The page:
Low Carbing? A Personal Perspective by April S. Fields
At the end of Labor Day weekend 1999, after feasting with friends on burgers and chips and homemade ice cream, my husband, Ron, and I decided it was time to shed a few pounds. To give you a visual, think of a total of seven, ten-pound sacks of potatoes as our weight loss goal. After several false starts -with the best of intentions, mind you - we finally found a groove where we were comfortable.
Choosing a diet is, after all, a highly individual endeavor. It isn't the same as it used to be, when you just stopped eating and languished on 500 calories a day until you couldn't take it anymore and started chewing your own fist. No, starvation dieting is definitely out. Seems they discovered something referred to as the "famine syndrome" where the body shuts down the metabolism to hold on to fat storage as a self-protection mechanism. It's always something.
Nowadays, an enlightened dieter is forced to engage not only self-control and behavior modification - one must also come to terms with a certain understanding about his/her own body, psyche, lifestyle and limitations. In short, modern dieting has become something of a science.
For example, I learned that I am not over weight because of over-eating. I am more of a nibbler/snacker. Routinely, I never eat more than one helping and often leave food on my plate. My weakness is, and always has been, sugar. To put it bluntly, I am a sweet freak. As a result, and to my detriment, I have always had to deal with blood sugar swings during the day which lead me to grab for the first easiest thing to stop the shakes - like a cookie or a piece of hard candy. This, of course, kept me trapped on a sort of insulin /glucose roller coaster. Definitely not healthy, and possibly, if allowed to go unchecked could have pushed me into very real and serious illness.
When I was finally serious about changing my weight, I had to get honest, as well, about my ingrained eating habits. It seemed to me, my best chance at losing the ugly fat, keeping it off and regaining control over my blood sugar levels was a diet that would keep me satisfied as well as stabilized. So, after a bit of research, Ron and I embarked on the, often controversial, Atkins Low-Carb Diet.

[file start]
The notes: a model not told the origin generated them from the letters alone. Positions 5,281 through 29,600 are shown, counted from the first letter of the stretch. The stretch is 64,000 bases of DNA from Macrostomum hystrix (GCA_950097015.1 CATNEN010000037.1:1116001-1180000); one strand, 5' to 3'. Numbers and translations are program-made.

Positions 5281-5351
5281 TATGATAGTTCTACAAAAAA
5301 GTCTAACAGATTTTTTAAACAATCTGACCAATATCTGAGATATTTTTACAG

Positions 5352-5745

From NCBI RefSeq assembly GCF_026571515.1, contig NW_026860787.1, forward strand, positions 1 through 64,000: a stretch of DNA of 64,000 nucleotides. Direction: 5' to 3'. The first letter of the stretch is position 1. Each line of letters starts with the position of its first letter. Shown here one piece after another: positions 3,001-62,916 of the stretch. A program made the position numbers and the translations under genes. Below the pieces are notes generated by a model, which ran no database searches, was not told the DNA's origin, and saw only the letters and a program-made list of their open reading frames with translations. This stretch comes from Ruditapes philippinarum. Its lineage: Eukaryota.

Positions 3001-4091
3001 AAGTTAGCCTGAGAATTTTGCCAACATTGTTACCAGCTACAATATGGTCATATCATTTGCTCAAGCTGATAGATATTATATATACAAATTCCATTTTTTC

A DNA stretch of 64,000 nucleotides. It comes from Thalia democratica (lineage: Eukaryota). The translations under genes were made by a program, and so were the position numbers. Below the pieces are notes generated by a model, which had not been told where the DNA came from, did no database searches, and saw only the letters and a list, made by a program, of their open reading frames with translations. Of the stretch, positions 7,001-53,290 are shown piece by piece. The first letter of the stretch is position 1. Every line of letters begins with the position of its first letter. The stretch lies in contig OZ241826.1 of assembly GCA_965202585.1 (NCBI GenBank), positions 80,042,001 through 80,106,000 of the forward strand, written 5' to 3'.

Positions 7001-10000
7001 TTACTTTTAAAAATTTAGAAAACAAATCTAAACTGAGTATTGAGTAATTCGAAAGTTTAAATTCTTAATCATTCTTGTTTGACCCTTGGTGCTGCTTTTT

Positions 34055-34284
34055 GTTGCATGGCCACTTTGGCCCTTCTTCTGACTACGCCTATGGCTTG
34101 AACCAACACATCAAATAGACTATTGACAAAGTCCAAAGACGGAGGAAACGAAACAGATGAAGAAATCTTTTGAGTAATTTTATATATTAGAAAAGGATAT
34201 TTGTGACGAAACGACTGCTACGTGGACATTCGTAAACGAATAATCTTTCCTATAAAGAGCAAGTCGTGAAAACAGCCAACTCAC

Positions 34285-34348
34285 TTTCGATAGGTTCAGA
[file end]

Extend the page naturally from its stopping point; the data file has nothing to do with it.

I make no claims for or against the diet - this is only to give you our personal experience and perspective.
For those brave souls who are willing to fend off the negative opinions of well-meaning friends and relatives, and give the Low-Carb way of eating a try, I will also include some tasty low-carb recipes that I have developed.
Once we made our commitment to give it a try, we were pleasantly surprised to find that it was pretty much a no-brainer. The diet allows for plenty of protein and some fat, which digests slowly so you don't find yourself hungry, thus tempted, between meals. This fat intake, which is important to the diet, is probably the most controversial issue, given that we have been immersed in the LOW-FAT era for better than two decades.
In the first seven weeks of our low-carb diet the fat we consumed did not seem to matter and I lost sixteen pounds, Ron lost fourteen. Then I started using the treadmill every other day, so I started to also see results in my shape; suddenly I had one again.
What I understand now is that, though we all manufacture cholesterol, some people are prone to over manufacture and added fat to their diet might contribute to clogged arteries. This then, is another reason for knowing your own body and then determining what is best for you.
The first thing to understand about a low-carb diet is that you cannot sorta-kinda do it. And you cannot combine it with other diets like low-fat because the principles and dynamics are completely different. In the first two weeks, while your body is adjusting to understand the message that it's expected to burn its own stored fat, (HELLO, metabolism, I knew you were in there somewhere) there is zero tolerance. No licking a spoon, no taking just a taste. NO CARBS other than the twenty per day.
Well, this puts some people off, at the git-go. After all, carbs are in literally everything! But mostly, the diet seems difficult at first because you have to make a conscious effort to consider everything that you eat. And yes, this is work and takes commitment, no one is claiming any weight loss diet is a picnic.
It boils down to perspective anyway. What do you love? I love real butter, cream and cheese and some people hate those things. To each his own. Yes, you have to drink no less than 2 quarts of water a day and you discover, for a while anyway, you need to map out the location of where every public restroom is in any destination away from home. And indeed you do have to give up some things you have always thought you could not live without. But ultimately it's all about wanting to badly enough - just like anything else. If you can say you sincerely want to lose weight more than you want to eat potatoes, bread and rice then you are ready to try it.
If it doesn't work you can always quit, but you can't know if it will be right for you unless you begin. And the good news is, after you lose your weight you can add back in, prudently, some of those things you had to leave go.
Of course, if you choose to lose weight, whatever diet you go with means you will need to make it a lifestyle. You cannot lose the weight and then go back to the way you used to eat. This is the first stark reality and commitment you must meet face on before you begin, otherwise the time and effort will have been a huge waste of time.